And this calls for wonderful moments when the listeners are called upon to witness the delusion. Clearly, they are torn. Part of them wants to go along. After all, celebrities make our collective reality, why not defer to them when they presume to make our personal reality?

But reason prevails. And the listener, often Fred Savage, responds with that wonderful facial expression that says, “does he really not know how delusional that sounds?” Fred Savage is a master of this expression. So is Mary Elizabeth Ellis, his wife on the show.

I couldn’t find a perfect image to capture it. The one at the top of the post comes closest. I think this is the way you make it: turn your head a little to the side, let the smile of approval freeze into the beginning of a grimace, widen the eyes with a look of concern edging on alarm.

It’s worth getting this right. With Washington shaping up the way it is, we’re going to need it.



my fox, my Syd

Apologies for having been off air for so long.

I’ve been sprinting to complete research in London.  I am presenting the results today.

The good news: the deck is done.  The bad news: so is the presenter.  So we will see how it goes.

But I did want to share this photo.  It was taken yesterday in the late afternoon.  It shows a Fox, a Red Fox, I think, taking a nap not 60 yards from the place I am staying in Clerkenwell.

Clerkenwell turns out to be an endlessly interesting place to stay.  I recommend it for your next trip to London.  I would give you a quick account here, but I have to get back to buffing and polishing the presentation.  Or at least weeding out the typos.  Oh, for a nap in the afternoon sun!

Mrs. Pucci, say it’s not too late for us!

Human Target is a TV action adventure series on Fox.  Last season it was all very "boy’s own."  Lots of fight scenes, stunts, mayhem, intrique and things blowing up.  For all the special effects it was, I thought, very credible TV with writing, acting, and directing vastly better than the genre normally elicits.  

But finally it was too boy’s own, which is to say all that daring-do got in the way of complexity or nuance or anything resembling the way human behave when they are not action heroes.

Clearly, someone at FOX said, "very well, let’s give the USA Networks treatment."  And this means taking a page from the resoundingly successful playbook created by Bonnie Hammer and making our male heroes actually interact with and sometimes depend upon the women in their lives.  Think of the girlfriend and mother in Burn Notice. The assistant and girl friend in Royal Pains.  The FBI jailor and girlfriend in White Collar. And mother, sister, boss, male assistant and boy friend in In Plain Sight.  (There are actually two versions of the Hammer strategy.  I discuss the official one in McCracken 2009 and the unofficial one in McCracken 2010.  See the links below.)

And it came to pass that two women were added to Human Target.  One of them was the Mrs. Pucci (pictured) played by Indira Varma (er, also pictured).  What a difference Mrs. Pucci makes!  In a graceful, elegant way she dismantles the genre, scene in and scene out. Now we really have no idea what’s happening next.  And while we are trying to puzzle out the character, we are treated to a great actress treating us to lots of nuance and subtlety.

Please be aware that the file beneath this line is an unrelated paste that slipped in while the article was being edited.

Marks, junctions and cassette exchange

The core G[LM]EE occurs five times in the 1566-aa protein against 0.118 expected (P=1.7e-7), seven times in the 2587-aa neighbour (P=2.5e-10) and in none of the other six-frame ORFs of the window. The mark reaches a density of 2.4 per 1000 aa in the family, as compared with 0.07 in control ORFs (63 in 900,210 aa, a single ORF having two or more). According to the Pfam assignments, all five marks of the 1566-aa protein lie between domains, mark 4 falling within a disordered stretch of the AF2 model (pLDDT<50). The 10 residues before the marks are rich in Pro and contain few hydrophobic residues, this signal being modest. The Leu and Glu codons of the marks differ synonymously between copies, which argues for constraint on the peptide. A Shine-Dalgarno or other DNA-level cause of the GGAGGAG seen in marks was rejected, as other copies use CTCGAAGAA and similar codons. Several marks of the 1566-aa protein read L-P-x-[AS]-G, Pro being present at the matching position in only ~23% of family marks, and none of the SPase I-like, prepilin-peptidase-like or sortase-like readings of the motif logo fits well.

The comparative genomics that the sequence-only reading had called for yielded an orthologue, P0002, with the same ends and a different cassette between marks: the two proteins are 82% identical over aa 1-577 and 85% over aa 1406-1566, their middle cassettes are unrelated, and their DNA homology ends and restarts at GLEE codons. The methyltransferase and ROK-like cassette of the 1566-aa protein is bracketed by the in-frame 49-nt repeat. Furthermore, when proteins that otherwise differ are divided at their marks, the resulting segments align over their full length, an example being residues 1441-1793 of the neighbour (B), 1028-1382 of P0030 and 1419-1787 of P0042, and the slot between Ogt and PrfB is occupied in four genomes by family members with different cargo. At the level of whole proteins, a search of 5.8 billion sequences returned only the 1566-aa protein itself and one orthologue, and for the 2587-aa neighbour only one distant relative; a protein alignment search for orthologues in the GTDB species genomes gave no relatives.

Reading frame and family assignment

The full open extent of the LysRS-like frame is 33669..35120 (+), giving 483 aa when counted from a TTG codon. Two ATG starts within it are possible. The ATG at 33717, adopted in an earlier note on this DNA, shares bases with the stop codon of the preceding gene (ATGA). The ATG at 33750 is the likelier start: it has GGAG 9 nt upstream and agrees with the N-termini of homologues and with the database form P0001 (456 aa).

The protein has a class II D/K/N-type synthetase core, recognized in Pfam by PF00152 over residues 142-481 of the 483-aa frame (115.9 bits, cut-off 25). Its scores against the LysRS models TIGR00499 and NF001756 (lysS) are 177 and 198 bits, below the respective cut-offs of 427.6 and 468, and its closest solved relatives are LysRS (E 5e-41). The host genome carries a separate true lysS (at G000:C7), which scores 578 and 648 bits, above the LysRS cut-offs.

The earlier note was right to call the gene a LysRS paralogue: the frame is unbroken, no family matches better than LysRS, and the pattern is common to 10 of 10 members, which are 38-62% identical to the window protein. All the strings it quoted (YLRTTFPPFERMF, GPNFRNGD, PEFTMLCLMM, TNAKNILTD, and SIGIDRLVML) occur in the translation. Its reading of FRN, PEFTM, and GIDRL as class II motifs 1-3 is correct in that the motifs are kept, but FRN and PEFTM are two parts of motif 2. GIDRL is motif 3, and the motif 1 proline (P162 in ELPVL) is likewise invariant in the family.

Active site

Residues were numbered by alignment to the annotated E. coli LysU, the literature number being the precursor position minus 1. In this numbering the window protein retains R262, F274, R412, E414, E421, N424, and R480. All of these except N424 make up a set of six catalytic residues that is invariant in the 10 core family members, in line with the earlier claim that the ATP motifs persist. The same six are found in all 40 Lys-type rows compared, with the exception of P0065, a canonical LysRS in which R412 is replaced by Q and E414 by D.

But hang on!  Bill Gorman reported yesterday that the numbers for Human Target were abysmal.  Not much better that Under Covers which is now down for cancellation.  My suggest we treat this as a new year’s eve resolution: defend Mrs. Pucci from cancellation!


Gorman, Bill.  2010.  The Numbers of Human Target. December 23.  click here.

McCracken, Grant. 2009.  The Hammer Grammar.  This Blog Sits At the Intersection of Anthropology and Economics.  August 31.  Click here.

McCracken, Grant.  2010.  The secret script at USA Networks (aka the unmeshed male). This Blog Sits at the Intersection of Anthropology and Economics.  Feb. 5.  click here. 

Fringe aka Managing Multiplicity

If you’re fan of the show, you know Fringe (Fox, Thursdays, 9:00) can be fiendishly interesting.  

One of the pleasures of the show is the performance of Anna Torv (pictured).

Torv’s character Olivia exists in two, parallel worlds.  So Torv must play Olivia twice.  She must be the same person in both worlds, but the viewer also needs to see small, and telling, differences.

Managing two identities in this way makes the actress a little like the audience.  Many of us are called upon to manage several identities at once.  The differences can be small, but they must also be telling. 

Torv was recently asked about playing the same person twice.  You can hear in her answer some of the difficulty of the task.  But you also hear her voice some of the advantages of the postmodern self, the ability to slide across perspectives, to see oneself with new clarity.

Anna: I was so excited when it first came up, and then we’ve kicked in. I haven’t really had the chance to play the Ultimate Olivia properly for herself. It’s been our Olivia, thinking that she’s the Ultimate Olivia. Then, the Ultimate Olivia pretending to be our Olivia. It’s been a little bit tough to work that line. What has been interesting is how clearly I am now seeing Olivia, which I don’t think you get to do. You don’t get those opportunities where you actually get to step back and look at a character from a different perspective while playing her. Each of them has their own impression of the other that they haven’t met really properly.